Yesterday the UN Security Council adopted a new resolution to strengthen efforts to end impunity for sexual violence in conflict. Resolution 2106 is the fourth resolution dealing with sexual violence in conflict, the previous being 1820 (2008), 1888 (2009) and 1960 (2010).
According to the UN News Center, during the debate on women, peace and security in which the resolution was adopted, the Security Council emphasized “more consistent and rigorous investigation and prosecution of sexual violence crimes as a central aspect of deterrence, and ultimately prevention”.
There has been objections among women’s rights activists over the last years focus on sexual violence in the Security Council, critics claiming that although this is a heinous crime that needs to be dealt with, it is used to obscure other parts of resolutions on women, peace and security, namely the need for women’s equal participation in peace processes.
However, resolution 2016 contains some strong writings on this subject too, like “emphasizing that acts of sexual violence in such situations not only severely impede the critical contributions of women to society, but also impede durable peace and security as well as sustainable development” and “expresses its intent to employ, as appropriate, all means at its disposal to ensure women’s participation in all aspects of mediation, post-conflict recovery and peacebuilding and to address sexual violence in conflict“.
“The resolve of this Council and the international community as a whole has set us firmly on the path of accountability and prevention. We must stay the course, until we achieve the ‘critical mass’ of action that will turn the tide on history’s oldest and least condemned crime” said UN Special Representative on Sexual Violence in Conflict, Zainab Hawa Bangura, during the debate.
Yesterday, parliamentary elections were held in Albania. However, women’s diminishing role in politics was decided upon already in the beginning of the election campaign.
”Despite the advocacy conducted by civil society and promises from the leaders of political parties, the 30 percent gender quota for candidates’ lists wasn’t met” says Armela Bejko, Project Director for the Albanian women’s rights organisation Association of Women With Social Problems.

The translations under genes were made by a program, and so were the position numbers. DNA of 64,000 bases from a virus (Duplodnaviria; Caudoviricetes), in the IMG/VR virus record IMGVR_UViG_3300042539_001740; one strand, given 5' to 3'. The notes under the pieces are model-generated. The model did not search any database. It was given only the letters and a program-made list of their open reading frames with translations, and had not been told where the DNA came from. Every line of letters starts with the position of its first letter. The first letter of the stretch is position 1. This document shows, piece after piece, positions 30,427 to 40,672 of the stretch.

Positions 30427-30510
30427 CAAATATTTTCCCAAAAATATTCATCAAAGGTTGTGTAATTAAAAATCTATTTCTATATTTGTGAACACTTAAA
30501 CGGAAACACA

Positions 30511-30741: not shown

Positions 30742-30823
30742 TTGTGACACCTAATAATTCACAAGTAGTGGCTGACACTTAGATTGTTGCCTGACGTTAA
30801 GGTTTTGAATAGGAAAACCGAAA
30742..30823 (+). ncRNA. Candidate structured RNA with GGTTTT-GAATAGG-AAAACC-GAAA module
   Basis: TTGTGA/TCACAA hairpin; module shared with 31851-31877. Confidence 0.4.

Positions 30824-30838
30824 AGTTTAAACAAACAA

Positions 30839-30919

Prior to the official start of the election campaign, Albania’s three main political parties – the Socialist Party (SP), the Democratic Party (DP) and the Socialist Movement for Integration – all spoke of their positive view on gender equality and of the necessity of increasing women’s participation in decision-making. Therefore the lack of women candidates on the party lists came as quite a surprise, says Armela Bejko
Armela Bejko, Project Coordinator, Association of Women With Social Problems.
”The reality revealed that their promises were not serious and the lists reflected gender inequality and proved once again the discrimination and patriarchal attitudes of the political leaders. This was unexpected for the women’s movement and women in general, who have worked continously for the improvement of legal framwork on these issues and with encouraging women to be involved in politics on the local and national level.”
Instead of putting more women on their lists, the parties chose to pay the fines connected with not fulfilling the quota.
Ranked low on the lists
Many of the women who made it onto the lists are also ranked so low that they basically have no chance to get into parliament. And not many of them have run any campaign of their own.
”Women candidates for MPs (Members of Parliament) generally have supported the top candidates on their lists. Partly this can be explained by the fact that you vote for the political party and not the specific candidates. But it also reflects women’s limited power and independence within their own parties” says Armela Bejko.
Important for EU